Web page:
The HLR overload control operates on the C-interface and the D-interface in the same manner that conventional systems do: When the number of HLR transactions awaiting processing exceeds a threshold, the HLR overload control discards HLR transactions arriving on the C- and D-interfaces to keep the number of queued HLR transactions within acceptable bounds. Specifically, HLR portion 110 enqueues incoming TCAP messages in an HLR work queue in HLR portion 110. HLR overload periodically control examines the size of this queue to determine whether the overload status is normal or in one of several overload conditions: Minor overload, Major overload, Critical overload.
When an overload condition occurs, HLR overload control will either abort or discard the incoming TCAP messages on the C- and D-interfaces depending upon the state of the overload. Normally, this is all HLR overload control can do in a nonintegrated system. In an integrated switch such as switch 100, however, this action may be insufficient because traffic can enter on all interfaces.
Consequently, when the number of HLR transactions awaiting processing exceeds the threshold, HLR overload control, according to this invention, sends an overload indication, through the MSC portion 120, to BSS peripherals to throttle incoming MSC transactions at the A-interface. This invention thus properly recognizes that HLR transactions should receive priority over MSC transactions.
Preferably, HLR overload control does not throttle all the BSS peripherals. Traffic studies characterizing typical overload conditions show no need for such drastic action. Instead, one may achieve suitable overload control by sending the overload indications to about one fifth of the peripherals.
In the preferred implementation, a data table in MSC portion 110 divides the peripherals into five groups of roughly equal size. When an overload condition is detected, HLR overload control makes overload indications available to a group of peripherals. Then, at one second intervals thereafter, HLR control sends overload indications to different groups of peripherals in some pattern until the overload condition clears.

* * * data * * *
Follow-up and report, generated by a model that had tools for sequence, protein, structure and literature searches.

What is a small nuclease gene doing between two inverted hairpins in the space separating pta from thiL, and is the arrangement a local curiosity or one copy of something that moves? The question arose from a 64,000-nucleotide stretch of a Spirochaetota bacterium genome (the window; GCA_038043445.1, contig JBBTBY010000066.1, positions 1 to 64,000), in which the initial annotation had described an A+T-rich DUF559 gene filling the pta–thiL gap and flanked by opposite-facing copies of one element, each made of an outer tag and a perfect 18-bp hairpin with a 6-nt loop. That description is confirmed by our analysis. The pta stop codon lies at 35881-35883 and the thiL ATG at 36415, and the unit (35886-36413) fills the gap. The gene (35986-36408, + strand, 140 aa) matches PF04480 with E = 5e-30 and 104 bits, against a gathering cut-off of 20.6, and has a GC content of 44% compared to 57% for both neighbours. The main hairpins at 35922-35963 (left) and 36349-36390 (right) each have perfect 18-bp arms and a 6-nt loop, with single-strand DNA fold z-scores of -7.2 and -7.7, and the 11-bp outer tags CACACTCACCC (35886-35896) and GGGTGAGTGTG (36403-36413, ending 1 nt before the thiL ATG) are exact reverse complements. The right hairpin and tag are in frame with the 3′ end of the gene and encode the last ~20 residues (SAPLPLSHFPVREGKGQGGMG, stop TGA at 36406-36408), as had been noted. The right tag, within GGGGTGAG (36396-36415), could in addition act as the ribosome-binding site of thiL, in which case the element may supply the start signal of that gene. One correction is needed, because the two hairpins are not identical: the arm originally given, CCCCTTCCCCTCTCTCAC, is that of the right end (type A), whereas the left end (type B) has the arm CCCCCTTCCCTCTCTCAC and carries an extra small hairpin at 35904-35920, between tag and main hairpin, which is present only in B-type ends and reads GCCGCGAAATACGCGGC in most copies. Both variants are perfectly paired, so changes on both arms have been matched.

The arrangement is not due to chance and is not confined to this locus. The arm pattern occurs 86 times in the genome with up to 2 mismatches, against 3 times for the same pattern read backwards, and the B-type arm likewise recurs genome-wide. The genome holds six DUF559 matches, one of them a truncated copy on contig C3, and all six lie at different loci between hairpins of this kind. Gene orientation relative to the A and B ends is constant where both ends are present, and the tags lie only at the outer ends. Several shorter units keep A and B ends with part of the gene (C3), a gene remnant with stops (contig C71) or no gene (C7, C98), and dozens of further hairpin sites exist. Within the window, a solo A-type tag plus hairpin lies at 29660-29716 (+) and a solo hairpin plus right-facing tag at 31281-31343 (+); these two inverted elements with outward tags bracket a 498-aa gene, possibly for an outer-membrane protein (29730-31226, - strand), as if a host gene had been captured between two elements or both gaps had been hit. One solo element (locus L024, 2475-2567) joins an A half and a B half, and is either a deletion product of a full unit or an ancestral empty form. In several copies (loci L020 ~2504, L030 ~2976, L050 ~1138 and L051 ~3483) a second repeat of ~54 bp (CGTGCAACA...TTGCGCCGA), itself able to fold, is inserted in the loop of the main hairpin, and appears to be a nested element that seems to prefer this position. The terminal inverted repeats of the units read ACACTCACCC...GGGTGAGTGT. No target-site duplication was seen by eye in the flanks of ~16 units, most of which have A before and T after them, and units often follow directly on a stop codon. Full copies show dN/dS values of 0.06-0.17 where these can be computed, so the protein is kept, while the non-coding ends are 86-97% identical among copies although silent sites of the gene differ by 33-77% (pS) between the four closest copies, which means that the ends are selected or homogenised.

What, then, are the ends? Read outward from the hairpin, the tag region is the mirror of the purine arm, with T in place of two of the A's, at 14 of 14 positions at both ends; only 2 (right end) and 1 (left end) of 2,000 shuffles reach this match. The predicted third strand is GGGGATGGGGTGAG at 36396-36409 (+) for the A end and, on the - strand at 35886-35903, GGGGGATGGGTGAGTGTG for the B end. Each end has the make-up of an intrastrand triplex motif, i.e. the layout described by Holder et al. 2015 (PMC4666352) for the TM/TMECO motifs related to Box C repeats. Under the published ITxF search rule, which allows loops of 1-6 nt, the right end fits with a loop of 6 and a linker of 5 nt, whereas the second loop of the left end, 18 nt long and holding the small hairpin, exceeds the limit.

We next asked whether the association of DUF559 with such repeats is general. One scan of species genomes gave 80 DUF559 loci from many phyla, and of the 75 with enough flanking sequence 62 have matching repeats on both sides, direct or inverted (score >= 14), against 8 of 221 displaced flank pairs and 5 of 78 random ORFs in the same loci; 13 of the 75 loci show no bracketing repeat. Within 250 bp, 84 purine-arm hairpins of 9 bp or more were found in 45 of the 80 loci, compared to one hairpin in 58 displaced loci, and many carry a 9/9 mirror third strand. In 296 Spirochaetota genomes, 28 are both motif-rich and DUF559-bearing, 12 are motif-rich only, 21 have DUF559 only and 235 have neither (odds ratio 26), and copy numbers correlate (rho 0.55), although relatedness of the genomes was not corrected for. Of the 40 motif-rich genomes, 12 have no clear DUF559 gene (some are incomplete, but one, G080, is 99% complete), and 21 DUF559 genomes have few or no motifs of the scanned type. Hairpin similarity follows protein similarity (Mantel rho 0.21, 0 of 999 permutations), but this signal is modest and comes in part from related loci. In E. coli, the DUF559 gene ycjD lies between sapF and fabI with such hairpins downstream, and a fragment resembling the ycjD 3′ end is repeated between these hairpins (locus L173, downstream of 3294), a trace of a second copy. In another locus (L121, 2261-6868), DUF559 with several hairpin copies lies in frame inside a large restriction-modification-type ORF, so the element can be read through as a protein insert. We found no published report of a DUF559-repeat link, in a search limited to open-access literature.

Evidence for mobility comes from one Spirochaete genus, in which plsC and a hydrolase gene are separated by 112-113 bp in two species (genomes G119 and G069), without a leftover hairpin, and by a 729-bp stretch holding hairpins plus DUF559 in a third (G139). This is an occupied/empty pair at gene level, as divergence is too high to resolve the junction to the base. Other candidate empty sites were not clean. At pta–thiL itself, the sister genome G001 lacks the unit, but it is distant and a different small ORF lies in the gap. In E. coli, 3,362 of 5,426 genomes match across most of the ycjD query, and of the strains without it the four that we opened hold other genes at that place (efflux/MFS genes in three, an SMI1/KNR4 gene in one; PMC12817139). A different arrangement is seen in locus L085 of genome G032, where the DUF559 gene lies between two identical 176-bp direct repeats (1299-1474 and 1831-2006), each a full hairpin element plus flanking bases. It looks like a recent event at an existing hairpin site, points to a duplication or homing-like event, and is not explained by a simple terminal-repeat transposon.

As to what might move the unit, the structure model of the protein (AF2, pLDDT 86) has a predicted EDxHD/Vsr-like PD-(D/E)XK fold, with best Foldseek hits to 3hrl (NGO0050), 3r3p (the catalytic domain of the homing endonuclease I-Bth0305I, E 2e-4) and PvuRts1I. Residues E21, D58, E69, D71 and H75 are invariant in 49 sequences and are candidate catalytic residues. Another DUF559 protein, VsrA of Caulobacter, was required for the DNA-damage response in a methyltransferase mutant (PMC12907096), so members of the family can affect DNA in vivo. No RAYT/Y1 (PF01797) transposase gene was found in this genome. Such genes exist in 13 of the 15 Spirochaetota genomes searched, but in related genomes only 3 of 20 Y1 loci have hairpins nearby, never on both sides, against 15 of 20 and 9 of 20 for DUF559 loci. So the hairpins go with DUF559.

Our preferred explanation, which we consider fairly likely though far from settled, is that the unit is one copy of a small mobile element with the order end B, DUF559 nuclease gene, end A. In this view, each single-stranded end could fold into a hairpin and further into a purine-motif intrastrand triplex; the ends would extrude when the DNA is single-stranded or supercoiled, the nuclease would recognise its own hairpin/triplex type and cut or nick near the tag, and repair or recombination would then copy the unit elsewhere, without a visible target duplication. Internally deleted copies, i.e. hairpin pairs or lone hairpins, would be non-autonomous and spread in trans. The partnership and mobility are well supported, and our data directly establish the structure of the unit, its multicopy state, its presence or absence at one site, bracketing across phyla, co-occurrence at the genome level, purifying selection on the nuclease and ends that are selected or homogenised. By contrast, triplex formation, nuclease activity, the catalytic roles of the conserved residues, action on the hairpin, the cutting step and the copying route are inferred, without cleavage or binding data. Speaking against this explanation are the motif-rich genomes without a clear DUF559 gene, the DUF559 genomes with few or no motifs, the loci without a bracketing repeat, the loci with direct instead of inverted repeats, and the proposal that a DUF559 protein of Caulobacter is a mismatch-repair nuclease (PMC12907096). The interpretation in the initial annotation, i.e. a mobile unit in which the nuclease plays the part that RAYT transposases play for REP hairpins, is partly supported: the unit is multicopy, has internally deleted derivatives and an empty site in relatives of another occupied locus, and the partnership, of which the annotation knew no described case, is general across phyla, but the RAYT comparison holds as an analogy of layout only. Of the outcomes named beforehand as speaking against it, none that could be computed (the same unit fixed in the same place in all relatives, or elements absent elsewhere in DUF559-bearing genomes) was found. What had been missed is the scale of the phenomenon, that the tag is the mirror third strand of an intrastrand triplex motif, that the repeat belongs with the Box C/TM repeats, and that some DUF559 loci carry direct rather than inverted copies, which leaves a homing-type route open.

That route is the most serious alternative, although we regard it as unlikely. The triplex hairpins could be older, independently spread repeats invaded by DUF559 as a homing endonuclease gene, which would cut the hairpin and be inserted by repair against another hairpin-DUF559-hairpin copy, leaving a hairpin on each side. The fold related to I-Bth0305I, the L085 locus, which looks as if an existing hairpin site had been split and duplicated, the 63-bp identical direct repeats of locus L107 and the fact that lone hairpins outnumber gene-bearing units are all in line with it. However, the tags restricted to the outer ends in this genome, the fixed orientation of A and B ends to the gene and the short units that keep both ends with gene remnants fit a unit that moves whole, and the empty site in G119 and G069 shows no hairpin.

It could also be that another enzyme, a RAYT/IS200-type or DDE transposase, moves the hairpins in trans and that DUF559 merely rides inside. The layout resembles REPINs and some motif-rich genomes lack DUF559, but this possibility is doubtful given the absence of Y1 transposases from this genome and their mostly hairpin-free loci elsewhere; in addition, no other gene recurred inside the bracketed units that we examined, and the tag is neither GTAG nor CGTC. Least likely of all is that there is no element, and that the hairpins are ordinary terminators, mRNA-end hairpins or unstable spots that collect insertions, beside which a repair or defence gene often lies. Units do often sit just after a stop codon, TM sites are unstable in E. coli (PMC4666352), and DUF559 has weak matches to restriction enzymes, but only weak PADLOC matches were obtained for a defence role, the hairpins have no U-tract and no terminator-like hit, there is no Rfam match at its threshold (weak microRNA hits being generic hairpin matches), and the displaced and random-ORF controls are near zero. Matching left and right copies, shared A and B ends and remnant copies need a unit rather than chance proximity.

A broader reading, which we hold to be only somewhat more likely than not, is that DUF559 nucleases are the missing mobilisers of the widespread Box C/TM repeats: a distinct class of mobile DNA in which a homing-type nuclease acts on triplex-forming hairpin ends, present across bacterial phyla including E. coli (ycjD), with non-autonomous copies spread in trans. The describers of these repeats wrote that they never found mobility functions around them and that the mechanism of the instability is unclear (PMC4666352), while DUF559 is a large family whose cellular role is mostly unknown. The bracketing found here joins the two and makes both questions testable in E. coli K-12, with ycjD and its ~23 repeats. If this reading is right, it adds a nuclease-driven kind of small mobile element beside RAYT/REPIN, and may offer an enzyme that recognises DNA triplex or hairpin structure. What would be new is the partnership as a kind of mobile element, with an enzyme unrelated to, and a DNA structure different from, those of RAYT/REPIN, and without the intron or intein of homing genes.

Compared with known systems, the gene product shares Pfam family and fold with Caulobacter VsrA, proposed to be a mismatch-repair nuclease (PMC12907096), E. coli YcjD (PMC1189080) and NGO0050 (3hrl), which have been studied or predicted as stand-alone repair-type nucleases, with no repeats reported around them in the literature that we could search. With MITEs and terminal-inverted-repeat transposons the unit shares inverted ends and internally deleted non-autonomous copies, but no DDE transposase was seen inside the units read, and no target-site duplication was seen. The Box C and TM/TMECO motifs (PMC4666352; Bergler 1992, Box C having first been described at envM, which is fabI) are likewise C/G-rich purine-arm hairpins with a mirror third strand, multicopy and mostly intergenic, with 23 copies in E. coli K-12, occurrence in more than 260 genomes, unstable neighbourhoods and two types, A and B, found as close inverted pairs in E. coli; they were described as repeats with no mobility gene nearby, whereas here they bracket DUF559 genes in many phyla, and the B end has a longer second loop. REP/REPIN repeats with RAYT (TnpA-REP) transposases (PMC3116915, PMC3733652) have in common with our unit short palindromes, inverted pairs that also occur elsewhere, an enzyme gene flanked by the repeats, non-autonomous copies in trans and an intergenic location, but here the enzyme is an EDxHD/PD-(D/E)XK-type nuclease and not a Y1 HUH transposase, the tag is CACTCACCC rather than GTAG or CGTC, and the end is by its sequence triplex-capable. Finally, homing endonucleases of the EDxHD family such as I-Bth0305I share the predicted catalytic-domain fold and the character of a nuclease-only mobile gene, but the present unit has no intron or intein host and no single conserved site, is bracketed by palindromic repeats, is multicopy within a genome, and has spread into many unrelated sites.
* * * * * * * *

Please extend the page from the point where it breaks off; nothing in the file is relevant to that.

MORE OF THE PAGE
Thus, the HLR portion 110 and the MSC portion 120 must jointly perform overload control, and must do so without violating GSM standards. This invention, however, allows HLR overload control to effect more overload control. In an integrated switch the HLR portion 110 and the MSC portion 120 reside on the same switch 100. HLR overload control in portion 110 can thus take advantage of this coresidency with MSC portion 120 to reduce A-interface traffic. The A-interface is logically connected only to MSC portion 120, but in an integrated system, HLR overload control in portion 110 can send control messages to the A-interface (i.e., BSS) peripherals through the MSC portion 120 to throttle new traffic.
This invention implements a theory that the best way to stabilize switch 100 in overload conditions is to shed work at the switch's entry points, particularly the peripherals. The best place to do this in GSM systems is at the A-interface because, as explained above, the majority of traffic occurs on the A-interface in such systems. Also, the connection-oriented peripherals, specifically those on the A-interface, allow such shedding in accordance with the GSM protocol.
The overload controls according to this invention do not violate any of the GSM standards, because the overload controls for the MSC and HLR in the nonintegrated system provide all the functions provided in the integrated system. Instead, this invention uses those standards creatively by adding an HLR System Overload Control (HLRSOC) procedure.
FIG. 2 shows an example of the relationship between the HLRSOC and standard MSC and HLR overload controls. In the existing system, an MSC overload control 210 informs the A-interface peripherals (step 220) when MSC overload conditions occur. Similarly, the HLR overload control algorithm 230 sends discard messages to the C- and D-interfaces when HLR overload conditions occur (step 240).